They remained unaware that they no longer had a safety net.
Meanwhile, demand was growing, and as it did, one transmission line and then another began to fail.
FirstEnergy is supposed to be monitored by a regional agency called the Midwest Independent System Operator (MISO) that oversees utilities in the Midwest. But MISO monitoring systems had also failed Aug. 14, so it didn't know things were going wrong at FirstEnergy.
FirstEnergy only woke up to the problems at 3:45 p.m.
At that point, blacking out an area around Cleveland and Akron might have eased demand on the system and reduced the stress, but no action was taken.
Nor did FirstEnergy alert other utilities or neighbouring system operators they were in trouble.
FirstEnergy's lax response to the budding emergency was not surprising.
The company "relied upon on-the-job experience for its operators in handling the routine business of a normal day," the task force says.
"But (it) had never experienced a major disturbance and had no simulator training or formal preparation for recognizing and responding to emergencies."
Dave Goulding, who heads Ontario's Independent Electricity Market Operator (IMO), says his controllers routinely start to make contingency plans if they see a problem developing, trying to figure out their next move in advance should the situation deteriorate further.
But the task force says FirstEnergy didn't go through that exercise as a matter of course, so it was caught flatfooted as one failure piled on the next.
In any case, the report says, anything FirstEnergy did once they realized the problem might have been too late.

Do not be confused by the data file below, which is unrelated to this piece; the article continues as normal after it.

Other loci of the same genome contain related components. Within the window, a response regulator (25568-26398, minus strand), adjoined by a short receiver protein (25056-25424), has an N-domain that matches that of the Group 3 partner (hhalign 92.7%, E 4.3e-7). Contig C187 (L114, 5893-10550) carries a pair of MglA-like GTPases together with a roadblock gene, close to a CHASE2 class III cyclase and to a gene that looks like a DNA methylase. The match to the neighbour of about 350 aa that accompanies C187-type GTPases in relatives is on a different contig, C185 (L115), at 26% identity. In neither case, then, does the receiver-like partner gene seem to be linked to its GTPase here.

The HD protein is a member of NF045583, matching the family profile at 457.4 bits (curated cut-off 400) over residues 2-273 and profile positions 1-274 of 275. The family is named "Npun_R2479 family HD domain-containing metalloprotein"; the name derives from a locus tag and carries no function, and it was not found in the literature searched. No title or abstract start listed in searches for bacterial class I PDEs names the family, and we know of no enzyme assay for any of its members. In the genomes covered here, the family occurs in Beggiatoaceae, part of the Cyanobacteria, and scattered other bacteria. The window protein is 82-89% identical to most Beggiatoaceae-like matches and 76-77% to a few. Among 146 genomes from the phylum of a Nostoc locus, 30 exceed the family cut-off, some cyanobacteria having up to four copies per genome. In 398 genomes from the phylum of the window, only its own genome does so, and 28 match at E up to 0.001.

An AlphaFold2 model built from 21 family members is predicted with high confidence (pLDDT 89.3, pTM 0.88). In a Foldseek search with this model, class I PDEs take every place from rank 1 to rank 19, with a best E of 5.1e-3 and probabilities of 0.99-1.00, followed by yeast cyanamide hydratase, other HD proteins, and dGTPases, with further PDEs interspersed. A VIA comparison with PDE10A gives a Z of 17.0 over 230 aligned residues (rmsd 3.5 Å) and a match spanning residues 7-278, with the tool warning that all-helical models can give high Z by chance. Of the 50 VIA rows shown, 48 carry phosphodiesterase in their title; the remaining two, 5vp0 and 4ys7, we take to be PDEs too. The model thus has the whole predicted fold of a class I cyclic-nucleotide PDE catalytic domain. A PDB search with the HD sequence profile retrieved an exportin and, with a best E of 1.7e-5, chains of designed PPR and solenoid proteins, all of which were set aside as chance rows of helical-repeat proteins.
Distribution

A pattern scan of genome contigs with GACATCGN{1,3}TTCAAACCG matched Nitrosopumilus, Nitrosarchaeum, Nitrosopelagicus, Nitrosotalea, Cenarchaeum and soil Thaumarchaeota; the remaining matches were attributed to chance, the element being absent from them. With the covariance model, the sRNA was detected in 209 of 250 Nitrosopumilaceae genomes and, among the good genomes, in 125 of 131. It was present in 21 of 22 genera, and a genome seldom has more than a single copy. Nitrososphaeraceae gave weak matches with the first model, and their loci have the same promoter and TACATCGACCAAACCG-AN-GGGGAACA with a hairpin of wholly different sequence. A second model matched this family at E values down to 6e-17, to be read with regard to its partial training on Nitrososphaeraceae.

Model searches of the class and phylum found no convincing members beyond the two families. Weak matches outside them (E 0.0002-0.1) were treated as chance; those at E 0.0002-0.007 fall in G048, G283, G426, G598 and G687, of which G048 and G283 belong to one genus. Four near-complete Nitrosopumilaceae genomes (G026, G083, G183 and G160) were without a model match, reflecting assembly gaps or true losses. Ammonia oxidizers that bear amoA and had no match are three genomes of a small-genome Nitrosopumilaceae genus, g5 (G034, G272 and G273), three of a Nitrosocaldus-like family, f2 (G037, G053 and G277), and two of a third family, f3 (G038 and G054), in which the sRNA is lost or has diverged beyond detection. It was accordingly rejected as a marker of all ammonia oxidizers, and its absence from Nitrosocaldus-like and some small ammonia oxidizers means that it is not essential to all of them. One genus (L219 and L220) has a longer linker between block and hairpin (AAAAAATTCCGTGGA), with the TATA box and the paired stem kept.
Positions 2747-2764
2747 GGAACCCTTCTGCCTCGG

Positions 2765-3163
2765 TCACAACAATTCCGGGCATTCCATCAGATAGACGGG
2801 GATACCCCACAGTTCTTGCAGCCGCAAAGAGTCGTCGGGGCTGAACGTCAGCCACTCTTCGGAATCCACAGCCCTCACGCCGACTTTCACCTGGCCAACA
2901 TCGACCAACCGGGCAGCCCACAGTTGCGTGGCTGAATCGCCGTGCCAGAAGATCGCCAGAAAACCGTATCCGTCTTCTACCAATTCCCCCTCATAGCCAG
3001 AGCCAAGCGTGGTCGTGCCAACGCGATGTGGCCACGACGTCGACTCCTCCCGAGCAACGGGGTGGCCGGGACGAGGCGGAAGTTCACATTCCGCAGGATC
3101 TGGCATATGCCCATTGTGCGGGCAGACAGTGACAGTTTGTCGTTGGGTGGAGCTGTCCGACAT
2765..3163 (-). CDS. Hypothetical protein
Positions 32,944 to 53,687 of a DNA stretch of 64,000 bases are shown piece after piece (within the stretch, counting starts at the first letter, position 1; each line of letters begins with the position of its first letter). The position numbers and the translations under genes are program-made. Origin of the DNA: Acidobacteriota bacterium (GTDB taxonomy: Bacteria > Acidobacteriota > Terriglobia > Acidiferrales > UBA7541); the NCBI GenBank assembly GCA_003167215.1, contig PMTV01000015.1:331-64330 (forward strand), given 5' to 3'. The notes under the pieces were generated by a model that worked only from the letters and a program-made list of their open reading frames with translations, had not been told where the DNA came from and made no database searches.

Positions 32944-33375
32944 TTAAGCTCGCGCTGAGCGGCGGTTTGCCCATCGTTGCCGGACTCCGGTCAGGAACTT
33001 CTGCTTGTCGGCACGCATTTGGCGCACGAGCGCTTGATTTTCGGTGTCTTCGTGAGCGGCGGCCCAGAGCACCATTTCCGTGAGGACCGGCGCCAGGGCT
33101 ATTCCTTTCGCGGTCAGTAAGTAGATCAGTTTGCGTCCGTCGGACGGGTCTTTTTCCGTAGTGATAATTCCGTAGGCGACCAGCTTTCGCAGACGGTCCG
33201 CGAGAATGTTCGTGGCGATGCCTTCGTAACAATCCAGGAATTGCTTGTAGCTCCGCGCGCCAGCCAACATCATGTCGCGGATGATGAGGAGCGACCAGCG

With its system already staggering, another key FirstEnergy transmission line failed at 4:06 p.m., which sent power flooding on to other heavily loaded lines.
At the time, power was flowing through Ohio on its way to northern Ohio, Michigan and Ontario.
When the power couldn't find its way through central Ohio, it surged east and west, around both ends of Lake Erie, some of it crashing through Ontario.
The surge caused circuit breakers to trigger on more lines as they became overloaded, breaking connections between Ontario and the northeastern U.S. from the rest of the continent.
Unfortunately, Ontario and the northeast were importing power at the time.
Local generators couldn't meet the demand once imports were cut off, and were already under stress from the power surges on the transmission lines.
As demand far outstripped the ability of generators to meet it, voltages became unstable and generators had to disconnect themselves from the grid to protect their equipment from damage.
With huge chunks of the transmission system knocked out, and generators disconnecting in droves — a total of 92 plants shut down in Ontario — the province joined the northeastern states in the dark.
Despite the blackout's U.S. origin, Dhaliwal said the solution is not to sever Canada's power links with the U.S., saying imported power often keeps the lights on in Ontario.
Goulding, of the IMO, said what's needed is a new "electricity reliability organization" that can set and enforce standards on both sides of the U.S.-Canadian border.
He sits on a steering committee that's already planning such a body.
Tom Parkinson, chief executive of Hydro One, which runs Ontario's main transmission system, says the report won't affect his company. It spends $700 million a year on maintenance.
"It's business as usual for us. We fully comply with the rules now," he said in an interview.
But Ontario's Energy Minister Dwight Duncan said the province can't be complacent.
"We have a lot of work to do on the transmission side and we're prepared to take it," he said. "There are significant challenges on that side."
David McFadden, a Toronto energy lawyer who sat on a working group that was part of the task force, said the report shows the importance of mundane issues, such as tree cutting.
He rejected the notion that deregulating electricity has pushed some companies to put profit ahead of reliability.
"You'd have this sort of thing happening every year" if that were the case, he said.
"I don't believe that's what's happening. You had a very serious management issue in one company."
Keith Stewart of the Toronto Environmental Alliance said the report is one-sided.
"They just take the demand for electricity as a given," he said. "They're ignoring the role of conservation, and measures that can be taken to reduce demand." with files from Robert Benzie